“Silence is a great peacemaker.” — Henry Wadsworth Longfellow

You have probably seen the words “degree day,” but are not quite sure what this is. Degree days, also known as heat or thermal units, are a way of incorporating temperatures and time into one measurement to quantify the rate of plant and insect development. According to the degree days, we are running on the cool side this year and this may be reflected in later emergence of insects and delayed plant development according to the Department of Agriculture, Trade and Consumer Protection, DATCP, pest bulletin.

A bit of phenology, when the blue chicory starts to bloom along the roadside, watch for Japanese beetles and the moth for squash vine borers. The moth is only active for two weeks and this is when it lays its eggs at the base of your squash. Put a teaspoon of powdered carbaryl at the base of your squash plants to eliminate these pests. Usually only one application will do the job. Don’t spray the whole plant because you will kill your pollinators.

Another bit of phenology, when catalpas and mock orange blossom, it’s time to plant fall cabbage and broccoli.

If you have a shady problem area in your yard or need a nice ground cover to fill in where grass doesn’t grow, try Canada Ginger or European Shiny Leaf Ginger. These plants can take heavy shade and moist conditions. They really like an acid soil, but I have had luck in our high alkaline soil of south-central Wisconsin.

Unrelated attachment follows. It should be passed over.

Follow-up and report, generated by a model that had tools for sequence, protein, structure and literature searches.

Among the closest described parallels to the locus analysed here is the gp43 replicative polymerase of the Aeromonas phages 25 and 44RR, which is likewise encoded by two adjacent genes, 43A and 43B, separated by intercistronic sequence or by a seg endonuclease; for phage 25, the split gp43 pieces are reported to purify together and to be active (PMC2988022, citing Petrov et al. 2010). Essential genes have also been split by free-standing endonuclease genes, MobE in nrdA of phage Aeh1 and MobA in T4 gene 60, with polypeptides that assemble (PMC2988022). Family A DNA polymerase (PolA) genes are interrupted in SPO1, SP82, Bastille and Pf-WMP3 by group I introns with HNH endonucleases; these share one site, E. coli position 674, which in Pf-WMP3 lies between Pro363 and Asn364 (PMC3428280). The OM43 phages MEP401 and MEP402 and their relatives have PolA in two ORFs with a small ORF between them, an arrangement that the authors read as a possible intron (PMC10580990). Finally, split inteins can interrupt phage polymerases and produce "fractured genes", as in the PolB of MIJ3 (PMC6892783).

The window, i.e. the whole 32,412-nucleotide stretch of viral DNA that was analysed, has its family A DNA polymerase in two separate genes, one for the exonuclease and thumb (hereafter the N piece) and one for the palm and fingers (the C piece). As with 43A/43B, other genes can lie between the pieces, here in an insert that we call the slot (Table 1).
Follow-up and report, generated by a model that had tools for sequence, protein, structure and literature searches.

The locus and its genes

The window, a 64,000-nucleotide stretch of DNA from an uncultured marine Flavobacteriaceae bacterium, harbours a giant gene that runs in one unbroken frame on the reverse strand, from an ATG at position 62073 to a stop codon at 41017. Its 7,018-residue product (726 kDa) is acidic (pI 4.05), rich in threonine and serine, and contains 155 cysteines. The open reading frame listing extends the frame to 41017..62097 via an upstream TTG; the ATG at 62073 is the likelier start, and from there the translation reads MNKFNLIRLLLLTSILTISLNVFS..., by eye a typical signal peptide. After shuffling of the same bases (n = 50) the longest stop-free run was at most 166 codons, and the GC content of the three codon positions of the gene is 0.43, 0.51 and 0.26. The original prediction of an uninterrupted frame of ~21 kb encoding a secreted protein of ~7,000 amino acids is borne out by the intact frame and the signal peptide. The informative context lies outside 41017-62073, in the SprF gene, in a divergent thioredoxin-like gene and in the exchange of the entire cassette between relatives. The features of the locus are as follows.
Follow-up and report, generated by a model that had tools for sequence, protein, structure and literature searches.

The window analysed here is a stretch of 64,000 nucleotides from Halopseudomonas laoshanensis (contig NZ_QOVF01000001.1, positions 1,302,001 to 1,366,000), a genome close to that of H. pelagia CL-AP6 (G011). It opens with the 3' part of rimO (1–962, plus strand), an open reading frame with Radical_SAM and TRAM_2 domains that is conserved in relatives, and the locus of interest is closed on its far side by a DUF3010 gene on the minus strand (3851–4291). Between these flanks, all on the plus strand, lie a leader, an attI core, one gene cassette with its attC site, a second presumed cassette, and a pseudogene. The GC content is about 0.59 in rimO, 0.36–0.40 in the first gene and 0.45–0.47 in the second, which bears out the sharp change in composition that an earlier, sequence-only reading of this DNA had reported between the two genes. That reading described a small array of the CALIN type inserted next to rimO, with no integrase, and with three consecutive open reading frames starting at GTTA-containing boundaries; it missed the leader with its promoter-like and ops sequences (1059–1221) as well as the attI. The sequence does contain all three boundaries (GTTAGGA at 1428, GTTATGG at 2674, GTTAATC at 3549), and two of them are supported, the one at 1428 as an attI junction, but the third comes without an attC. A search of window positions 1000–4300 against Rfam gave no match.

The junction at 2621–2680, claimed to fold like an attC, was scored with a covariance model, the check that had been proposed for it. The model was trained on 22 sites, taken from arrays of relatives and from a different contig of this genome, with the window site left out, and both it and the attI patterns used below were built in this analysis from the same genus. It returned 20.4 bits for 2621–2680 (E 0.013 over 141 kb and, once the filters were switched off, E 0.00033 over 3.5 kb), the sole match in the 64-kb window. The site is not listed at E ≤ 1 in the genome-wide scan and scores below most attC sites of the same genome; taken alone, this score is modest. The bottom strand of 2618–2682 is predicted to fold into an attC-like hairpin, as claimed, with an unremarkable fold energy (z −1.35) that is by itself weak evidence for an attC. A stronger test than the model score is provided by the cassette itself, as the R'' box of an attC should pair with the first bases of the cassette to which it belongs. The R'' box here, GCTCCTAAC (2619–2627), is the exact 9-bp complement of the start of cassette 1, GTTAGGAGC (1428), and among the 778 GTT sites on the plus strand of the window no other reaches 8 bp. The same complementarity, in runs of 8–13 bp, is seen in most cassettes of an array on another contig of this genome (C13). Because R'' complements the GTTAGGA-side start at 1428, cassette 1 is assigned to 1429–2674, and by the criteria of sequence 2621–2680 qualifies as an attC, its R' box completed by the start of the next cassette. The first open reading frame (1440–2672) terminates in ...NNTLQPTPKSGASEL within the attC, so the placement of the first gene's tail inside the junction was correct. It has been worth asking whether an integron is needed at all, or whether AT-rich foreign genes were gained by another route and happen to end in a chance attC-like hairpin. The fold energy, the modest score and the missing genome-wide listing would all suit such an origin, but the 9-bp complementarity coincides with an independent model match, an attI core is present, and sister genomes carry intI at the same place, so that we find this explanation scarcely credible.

Wild Ginger, Asarum canadense, is a native to Wisconsin and very hardy. It makes a great woodland plant combined with hostas, ferns, astilbe and all shade-loving plants. Ginger leaves are kidney-shaped and add texture to the garden. You can purchase Ginger through catalogs or at local nurseries. Remember to mulch to conserve water. If you know someone that has this plant, they may be willing to share or trade.

European Ginger is harder to find and needs to be mulched heavily in the winter as it is an evergreen. The leaves are glossy and beautiful, and even though it needs more care, it is worth it.

The new master gardener class will start Aug. 25. For more information, call 608-355-3250 or visit sauk.uwex.edu and look under the Horticulture section for the application. Class limit is 30 applicants this year.

Contact Phyllis Both by email at pboth@charter.net or by telephone on Monday mornings at the Sauk County University of Wisconsin-Extension office, 608-355-3253.

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